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Pitfall #1: Passing off distinctive language as your own

To illustrate pitfalls 1-3, we will use the same source paragraph from Whitford's article on Martin Luther:

Original Source:
In July of 1505, Martin was caught in a horrific thunderstorm.  Afraid that he was going to die, he screamed out a vow, “Save me, St. Anna, and I shall become a monk.” St. Anna was the mother of the Virgin Mary and the patron saint of miners. Most argue that this commitment to become a monk could not have come out of thin air and instead represents an intensification experience in which an already formulated thought is expanded and deepened. On July 17th Luther entered the Augustinian Monastery at Erfurt.

Source: David M. Whitford, "Martin Luther," Internet Encylopedia of Philosophy,

Pitfall #1 - Passing off distincive language as your own
Most historians believe that Luther’s commitment to enter the monastery could not have come from nowhere but rather represents an intensifying experience in which a thought already formulated is broadened and made deeper.1

1 David M. Whitford, "Martin Luther," Internet Encyclopedia of Philosophy,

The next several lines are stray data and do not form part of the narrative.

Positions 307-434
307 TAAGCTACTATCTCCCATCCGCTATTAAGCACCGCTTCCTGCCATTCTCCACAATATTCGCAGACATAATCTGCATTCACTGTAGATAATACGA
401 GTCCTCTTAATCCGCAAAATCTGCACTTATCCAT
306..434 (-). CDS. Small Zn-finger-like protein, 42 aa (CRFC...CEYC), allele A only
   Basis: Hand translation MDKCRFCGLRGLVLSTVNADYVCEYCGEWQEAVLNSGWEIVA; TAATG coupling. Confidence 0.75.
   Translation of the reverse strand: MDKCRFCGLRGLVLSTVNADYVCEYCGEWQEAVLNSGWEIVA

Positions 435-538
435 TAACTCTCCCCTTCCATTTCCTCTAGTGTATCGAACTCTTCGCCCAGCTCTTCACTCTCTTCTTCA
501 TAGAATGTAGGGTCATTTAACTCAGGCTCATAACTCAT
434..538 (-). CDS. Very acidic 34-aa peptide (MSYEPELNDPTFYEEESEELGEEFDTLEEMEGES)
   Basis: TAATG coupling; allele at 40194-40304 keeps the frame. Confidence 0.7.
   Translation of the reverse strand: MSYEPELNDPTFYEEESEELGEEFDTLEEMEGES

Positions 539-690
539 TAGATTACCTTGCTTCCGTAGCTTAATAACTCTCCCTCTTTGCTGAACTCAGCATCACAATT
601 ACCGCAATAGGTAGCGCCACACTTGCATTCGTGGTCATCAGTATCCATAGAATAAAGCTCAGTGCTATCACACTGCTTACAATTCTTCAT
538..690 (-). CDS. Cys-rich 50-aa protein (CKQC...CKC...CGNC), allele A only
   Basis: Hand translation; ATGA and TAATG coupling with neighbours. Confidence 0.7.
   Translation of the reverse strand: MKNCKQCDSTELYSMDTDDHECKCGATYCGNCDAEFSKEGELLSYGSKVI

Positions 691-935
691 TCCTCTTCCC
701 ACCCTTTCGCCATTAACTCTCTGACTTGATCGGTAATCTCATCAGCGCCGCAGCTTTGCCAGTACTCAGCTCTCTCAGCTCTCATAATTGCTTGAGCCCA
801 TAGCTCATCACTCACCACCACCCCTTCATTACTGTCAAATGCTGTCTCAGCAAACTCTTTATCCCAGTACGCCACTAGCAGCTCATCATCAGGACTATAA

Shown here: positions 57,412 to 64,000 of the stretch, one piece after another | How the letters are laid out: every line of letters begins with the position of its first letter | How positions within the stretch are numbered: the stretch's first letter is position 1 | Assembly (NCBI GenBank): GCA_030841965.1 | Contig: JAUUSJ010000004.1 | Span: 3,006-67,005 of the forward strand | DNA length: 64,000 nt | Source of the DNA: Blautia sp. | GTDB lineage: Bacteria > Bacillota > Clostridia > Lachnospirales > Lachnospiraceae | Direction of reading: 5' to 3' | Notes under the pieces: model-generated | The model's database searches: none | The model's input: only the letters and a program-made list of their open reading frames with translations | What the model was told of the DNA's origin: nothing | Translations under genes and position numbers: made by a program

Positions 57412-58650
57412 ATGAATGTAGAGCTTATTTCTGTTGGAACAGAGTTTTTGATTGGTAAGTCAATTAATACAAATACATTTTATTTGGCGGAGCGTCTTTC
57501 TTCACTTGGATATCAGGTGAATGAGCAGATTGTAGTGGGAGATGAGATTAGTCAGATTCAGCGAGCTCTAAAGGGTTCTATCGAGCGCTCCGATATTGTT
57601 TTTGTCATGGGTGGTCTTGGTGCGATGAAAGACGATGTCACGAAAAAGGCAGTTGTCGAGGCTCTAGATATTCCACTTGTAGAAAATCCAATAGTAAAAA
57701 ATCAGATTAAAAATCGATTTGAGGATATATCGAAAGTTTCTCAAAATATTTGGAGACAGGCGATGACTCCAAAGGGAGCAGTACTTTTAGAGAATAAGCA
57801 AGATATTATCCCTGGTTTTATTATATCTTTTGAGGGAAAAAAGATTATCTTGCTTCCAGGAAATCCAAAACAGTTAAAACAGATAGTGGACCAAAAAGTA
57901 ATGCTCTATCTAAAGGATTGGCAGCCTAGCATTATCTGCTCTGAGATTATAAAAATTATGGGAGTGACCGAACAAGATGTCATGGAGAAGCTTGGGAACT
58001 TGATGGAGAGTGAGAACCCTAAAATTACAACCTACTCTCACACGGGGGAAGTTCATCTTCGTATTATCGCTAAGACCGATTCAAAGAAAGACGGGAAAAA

This passage gives Whitford credit for his ideas, but not for his language; it cites him, but uses no quotation marks. You might think that none are needed, because Whitford’s language has been paraphrased. But this passage is still deeply influenced by Whitford’s language. It appropriates his distinctive phrases “intensification experience” and “expanded and deepened.” It modifies both phrases slightly, but the paraphrases (“intensifying experience” and “broadened and made deeper”) still retain the flavor of the originals. Although they are very short, these distinctive phrases do need to be acknowledged as Whitford’s. They are obviously copied from him; the student would not have thought of them independently. (A generic phrase like “entered the monastery” can be used without acknowledgement, for it is the most common way to describe the action in question; but the phrase “intensification experience”, though only two words long, has a different quality. Its original author gave it a unique meaning in this context. Changing “intensification” to “intensifying” does not alter that uniqueness.)

Distinctive phrases like this are often very helpful for conveying an author’s argument, so it’s often good to quote them. It’s usually not a good idea to try to paraphrase them. Paraphrasing them and omitting quotation marks is deceptive.

If you are not a native speaker, it may be very difficult to distinguish common everyday phrases from “distinctive language.” You may have to ask a native speaker for help. If you are still not sure, it is always best to err on the side of caution and quote the phrase in question verbatim.

Pitfall #1 averted - Accurate verbatim quotation
According to David Whitford, most scholars think that Luther had already considered monastic life before this, but that the storm provided "an intensification experience" which "expanded and deepened" his earlier commitment.1

1David M. Whitford, “Martin Luther,” Internet Encylopedia of Philosophy,